Wren Day is celebrated on St Stephens Day (26 December) and generally comprised of a wren being killed, attached to a pole and presented on doorsteps within the township by wrenboys, singing a rhyme...
Country and County: Isle of Man
There was supposed to be a submerged island near Port Soderick which appeared every seven years. Train relates the story of one of these appearances as follows:–Many a time and oft had Nora Cain heard her old grandsire relate the tradition of the enchanted island at Port Soderick, while sitting spinning by the turf fire on a winter’s evening.
In a wild and barren field near Ballafletcher there was formerly a large Stone Cross, but in the many changes and revolutions which have happened in this Island has been broken down, and part of it lost; but there still remains the cross part.
Down in the valley of St. Mark’s, near a little purling brook, lies the famous granite boulder, weighing between twenty and thirty tons, known by the name of Goddard Crovan’s stone. It was cast into this situation one day by Goddard Crovan, son of Harold the Black, of Iceland, who lived with his termagant wife in a great castle on the top of Barrule.
"In the year 1249 Reginald began to reign on the 6th May, and on the 30th May of the same month was slain by the Knight Ivar and his accomplices."–Chronicon Manniæ. There was a young and gallant knight, named Ivar, who was enamoured of a very beautiful maiden, named Matilda. He loved her ardently, and she reciprocated his affection.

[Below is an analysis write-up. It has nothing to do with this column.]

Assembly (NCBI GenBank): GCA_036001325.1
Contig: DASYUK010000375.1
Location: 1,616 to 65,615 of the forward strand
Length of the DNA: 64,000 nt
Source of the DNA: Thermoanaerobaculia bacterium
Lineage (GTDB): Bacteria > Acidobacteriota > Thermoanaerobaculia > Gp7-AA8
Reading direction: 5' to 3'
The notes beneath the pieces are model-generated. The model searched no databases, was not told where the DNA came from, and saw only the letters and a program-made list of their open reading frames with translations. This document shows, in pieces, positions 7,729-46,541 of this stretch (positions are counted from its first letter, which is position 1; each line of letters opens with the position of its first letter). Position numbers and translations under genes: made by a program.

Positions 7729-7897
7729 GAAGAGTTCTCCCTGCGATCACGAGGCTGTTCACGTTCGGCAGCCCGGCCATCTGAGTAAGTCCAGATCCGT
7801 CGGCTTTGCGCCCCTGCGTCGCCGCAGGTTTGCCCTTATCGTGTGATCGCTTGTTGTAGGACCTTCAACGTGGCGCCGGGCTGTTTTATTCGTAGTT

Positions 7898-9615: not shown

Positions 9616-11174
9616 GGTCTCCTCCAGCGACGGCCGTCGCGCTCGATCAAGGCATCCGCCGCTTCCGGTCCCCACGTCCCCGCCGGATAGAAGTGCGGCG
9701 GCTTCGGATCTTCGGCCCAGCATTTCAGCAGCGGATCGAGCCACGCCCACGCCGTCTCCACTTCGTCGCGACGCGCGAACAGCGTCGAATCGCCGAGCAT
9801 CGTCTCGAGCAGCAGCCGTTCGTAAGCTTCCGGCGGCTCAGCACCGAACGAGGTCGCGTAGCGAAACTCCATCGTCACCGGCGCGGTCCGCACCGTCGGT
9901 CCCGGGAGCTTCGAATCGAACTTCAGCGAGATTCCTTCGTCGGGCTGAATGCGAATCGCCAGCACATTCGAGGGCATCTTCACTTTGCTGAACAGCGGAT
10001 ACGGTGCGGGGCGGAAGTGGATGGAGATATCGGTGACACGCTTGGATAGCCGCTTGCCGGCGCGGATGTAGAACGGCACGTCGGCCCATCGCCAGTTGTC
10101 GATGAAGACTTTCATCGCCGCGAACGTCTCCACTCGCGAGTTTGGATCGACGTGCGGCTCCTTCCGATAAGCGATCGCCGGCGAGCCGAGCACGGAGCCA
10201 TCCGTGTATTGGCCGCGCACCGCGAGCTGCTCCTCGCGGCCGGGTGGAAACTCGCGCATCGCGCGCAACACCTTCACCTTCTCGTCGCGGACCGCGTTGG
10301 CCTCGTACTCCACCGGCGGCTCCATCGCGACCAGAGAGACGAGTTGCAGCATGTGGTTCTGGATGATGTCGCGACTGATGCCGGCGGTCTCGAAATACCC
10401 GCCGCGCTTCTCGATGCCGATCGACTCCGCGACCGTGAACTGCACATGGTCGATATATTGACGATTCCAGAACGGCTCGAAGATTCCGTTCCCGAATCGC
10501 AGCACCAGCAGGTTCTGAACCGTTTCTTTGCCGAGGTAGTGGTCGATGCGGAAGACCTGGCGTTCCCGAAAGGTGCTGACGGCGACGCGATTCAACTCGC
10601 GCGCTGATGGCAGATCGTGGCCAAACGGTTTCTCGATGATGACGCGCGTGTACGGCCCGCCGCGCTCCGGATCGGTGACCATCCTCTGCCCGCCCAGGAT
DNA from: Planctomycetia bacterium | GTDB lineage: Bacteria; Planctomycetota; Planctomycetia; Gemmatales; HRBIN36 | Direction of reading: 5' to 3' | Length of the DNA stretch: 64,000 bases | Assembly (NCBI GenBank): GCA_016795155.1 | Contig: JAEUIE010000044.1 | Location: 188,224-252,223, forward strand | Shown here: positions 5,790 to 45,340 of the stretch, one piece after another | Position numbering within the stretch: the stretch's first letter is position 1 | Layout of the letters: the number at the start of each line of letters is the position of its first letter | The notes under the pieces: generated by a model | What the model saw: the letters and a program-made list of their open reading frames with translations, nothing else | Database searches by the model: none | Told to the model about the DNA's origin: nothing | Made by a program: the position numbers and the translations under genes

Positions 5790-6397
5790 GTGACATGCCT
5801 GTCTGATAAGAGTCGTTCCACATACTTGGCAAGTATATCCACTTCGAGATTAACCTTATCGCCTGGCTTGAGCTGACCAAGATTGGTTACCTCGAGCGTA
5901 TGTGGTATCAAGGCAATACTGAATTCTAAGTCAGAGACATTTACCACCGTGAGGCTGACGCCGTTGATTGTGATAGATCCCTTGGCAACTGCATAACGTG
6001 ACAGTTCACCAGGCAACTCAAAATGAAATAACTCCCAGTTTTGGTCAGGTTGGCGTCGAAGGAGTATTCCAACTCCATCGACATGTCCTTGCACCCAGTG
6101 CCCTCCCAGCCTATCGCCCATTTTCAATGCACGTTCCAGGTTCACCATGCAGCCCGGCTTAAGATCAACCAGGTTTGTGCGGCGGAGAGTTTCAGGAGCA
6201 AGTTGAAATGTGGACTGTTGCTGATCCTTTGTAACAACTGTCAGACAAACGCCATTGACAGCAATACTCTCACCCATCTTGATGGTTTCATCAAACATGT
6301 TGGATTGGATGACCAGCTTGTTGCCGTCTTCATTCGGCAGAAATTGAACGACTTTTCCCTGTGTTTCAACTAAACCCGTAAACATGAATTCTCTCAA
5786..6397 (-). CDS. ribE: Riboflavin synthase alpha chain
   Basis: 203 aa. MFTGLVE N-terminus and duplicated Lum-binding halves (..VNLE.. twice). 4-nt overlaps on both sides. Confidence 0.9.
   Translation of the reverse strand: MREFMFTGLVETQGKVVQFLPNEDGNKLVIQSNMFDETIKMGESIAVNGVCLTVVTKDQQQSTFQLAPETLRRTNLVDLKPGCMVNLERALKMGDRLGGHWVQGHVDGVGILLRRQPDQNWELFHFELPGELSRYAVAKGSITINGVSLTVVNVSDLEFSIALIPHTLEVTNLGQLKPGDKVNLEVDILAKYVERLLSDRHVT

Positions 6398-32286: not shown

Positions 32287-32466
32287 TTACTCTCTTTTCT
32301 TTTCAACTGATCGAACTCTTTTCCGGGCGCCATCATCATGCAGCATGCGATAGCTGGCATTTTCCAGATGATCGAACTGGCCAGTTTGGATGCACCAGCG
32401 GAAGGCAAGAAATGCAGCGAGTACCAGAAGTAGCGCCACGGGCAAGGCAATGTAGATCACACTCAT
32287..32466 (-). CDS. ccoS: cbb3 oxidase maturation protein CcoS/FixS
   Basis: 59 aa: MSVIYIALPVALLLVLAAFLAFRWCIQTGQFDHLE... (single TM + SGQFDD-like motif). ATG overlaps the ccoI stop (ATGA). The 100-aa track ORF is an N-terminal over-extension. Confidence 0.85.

I have heard many Manxmen protest they have been carried insensibly great distances from home, and without knowing how they came there, found themselves on the top of a mountain.
According to ‘The Science of Fairy Tales’ (1891) by Edwin Sidney Hartland, ‘A Manx tale, which can be traced back to (George) Waldron, narrates the night adventure of a farmer who lost his way in returning home from Peel, and was led by the sound of music into a large hall where were a great number of little people feasting.
Changelings are part of Western Folklore, a child of a fairy type (Elf, Troll etc) which has been secretly swapped for a human baby and left in its place. George Waldron gave the following description of one he saw in the Isle of Man and it was subsequently reprinted in ‘The Science of Fairy Tales’ (1891) by Edwin Sidney Hartland.